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FALL 2019 Newsletter

Featured Item:  Lotus Lamp

Article: TIFFANY LAMPS – What are they worth today?

Greetings Stained-Glass Fans:

Ever wonder what original Tiffany lamps are worth today? Recently, one spectacular lamp – the Pond Lily Table Lamp - auctioned off at Christie’s at an unprecedented high amount. The final selling price was astounding! Who could have guessed those old unwanted lamps would be worth so much today? Read about it in the Article Section.

In this newsletter we feature a rich-red hanging shade with a large floral motif inspired by another price record-breaking Tiffany lamp – the exotic Lotus Table lamp. See it in the Featured Item Section.

I especially enjoyed writing this issue as it showcases two spectacular Tiffany table lamps created around the same time; the Pond Lily lamp, circa 1903 and the Lotus lamp, circa 1905. They have one feature in common; both depict exotic water florals.     

What is the difference between water lilies and lotus flowers? Both plants take root in water, however the flowers and leaves of water lilies float directly on the surface of the water, their stems hidden below, while the blossoms and leaves of the lotus rise above the water level, their long stems visible.   Oh!...



Water Lilies vs. Lotus Blossoms


Blue-Raspberry Pond Lily Table Lamp

by Shades of Tiffany.

shade - water lily.JPG

Water Lily

shade - lotus.JPG

Lotus Blossom

Artwork by Cal Haves

Featured Item
Featured Item
Note: Each item presented is a one-of-a-kind work of art available for purchase. Should any item sell, there are no duplicates.  
Contact us about any similar items. 


In this newsletter we present a stunning hanging fixture; an interpretation of Tiffany’s famous Lotus Table Lamp. Although, not a true reproduction of the original, by using a contemporary pattern and mold, today’s stained-glass artists are able to build an otherwise impossible shade that incorporated custom hardware as a major component of its design.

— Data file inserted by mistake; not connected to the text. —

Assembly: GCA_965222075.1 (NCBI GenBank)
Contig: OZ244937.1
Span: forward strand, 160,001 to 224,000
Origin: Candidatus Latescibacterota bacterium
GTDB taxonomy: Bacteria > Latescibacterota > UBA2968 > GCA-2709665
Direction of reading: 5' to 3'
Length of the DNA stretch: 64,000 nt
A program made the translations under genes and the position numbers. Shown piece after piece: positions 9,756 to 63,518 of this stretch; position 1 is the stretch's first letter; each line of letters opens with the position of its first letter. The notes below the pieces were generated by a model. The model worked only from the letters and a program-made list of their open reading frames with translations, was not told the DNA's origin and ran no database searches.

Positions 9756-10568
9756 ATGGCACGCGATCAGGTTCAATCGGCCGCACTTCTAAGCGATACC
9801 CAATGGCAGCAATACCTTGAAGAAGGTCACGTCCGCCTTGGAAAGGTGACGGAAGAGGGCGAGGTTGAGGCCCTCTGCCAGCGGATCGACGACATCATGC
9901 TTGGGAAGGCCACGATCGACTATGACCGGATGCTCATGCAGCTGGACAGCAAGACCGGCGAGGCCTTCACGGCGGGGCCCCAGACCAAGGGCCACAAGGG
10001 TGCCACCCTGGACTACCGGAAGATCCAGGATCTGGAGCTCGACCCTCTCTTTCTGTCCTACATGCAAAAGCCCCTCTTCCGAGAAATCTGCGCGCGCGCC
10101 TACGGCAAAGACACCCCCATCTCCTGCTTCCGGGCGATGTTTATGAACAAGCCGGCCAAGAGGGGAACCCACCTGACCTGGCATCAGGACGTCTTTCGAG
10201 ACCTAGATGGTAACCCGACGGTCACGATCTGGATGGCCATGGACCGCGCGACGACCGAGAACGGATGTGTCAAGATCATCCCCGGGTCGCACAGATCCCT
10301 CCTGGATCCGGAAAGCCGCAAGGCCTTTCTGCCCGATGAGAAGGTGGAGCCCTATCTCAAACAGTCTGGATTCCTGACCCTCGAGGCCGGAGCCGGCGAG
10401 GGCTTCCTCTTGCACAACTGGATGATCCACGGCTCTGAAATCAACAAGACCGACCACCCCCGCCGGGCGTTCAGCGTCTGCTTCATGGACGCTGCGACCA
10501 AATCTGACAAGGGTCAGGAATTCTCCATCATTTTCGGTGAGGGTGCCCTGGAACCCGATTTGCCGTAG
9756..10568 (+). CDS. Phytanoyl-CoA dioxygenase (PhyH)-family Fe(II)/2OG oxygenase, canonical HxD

Featured Article


TIFFANY LAMPS – What are they worth today?

The Pond Lily, and the Pink Lotus Table Lamps


Back in the early 1970s we novice stained glass artists had opportunities to view, with awe, a few original Tiffany lamps. They were either in private collections, via antique dealers or in special museum exhibits. To our delight, some of these lamps we saw in person - we glass artists were painstakingly replicating.

In the 1970s Louis Comfort Tiffany was an unknown figure to the general public. As recently as the 1960s, an "outdated, weird" Tiffany  lamp could be bought for a few hundred dollars. However, in 2013 a weird-looking Tiffany Studio’s Bat Table Lamp auctioned at Christie's, NY for $750,000!

Whenever I read about a Tiffany lamp that has auctioned off, I wonder how much it sold for. Today’s article is about a recent auction example that will truly amaze you – The Pond Lily Table Lamp. Who Knew?

THE POND LILY TABLE LAMP: a brief history and description  

The Pond Lily or Flowering Lotus (whichever text you consult), table lamp was designed circa 1903 for Tiffany Studios, New York, by chief designer, Clara Driscoll. This lamp was one of Tiffany Studios most extravagant creations offered to his wealthy clientele, priced at the time at $400; a year’s salary for the average worker.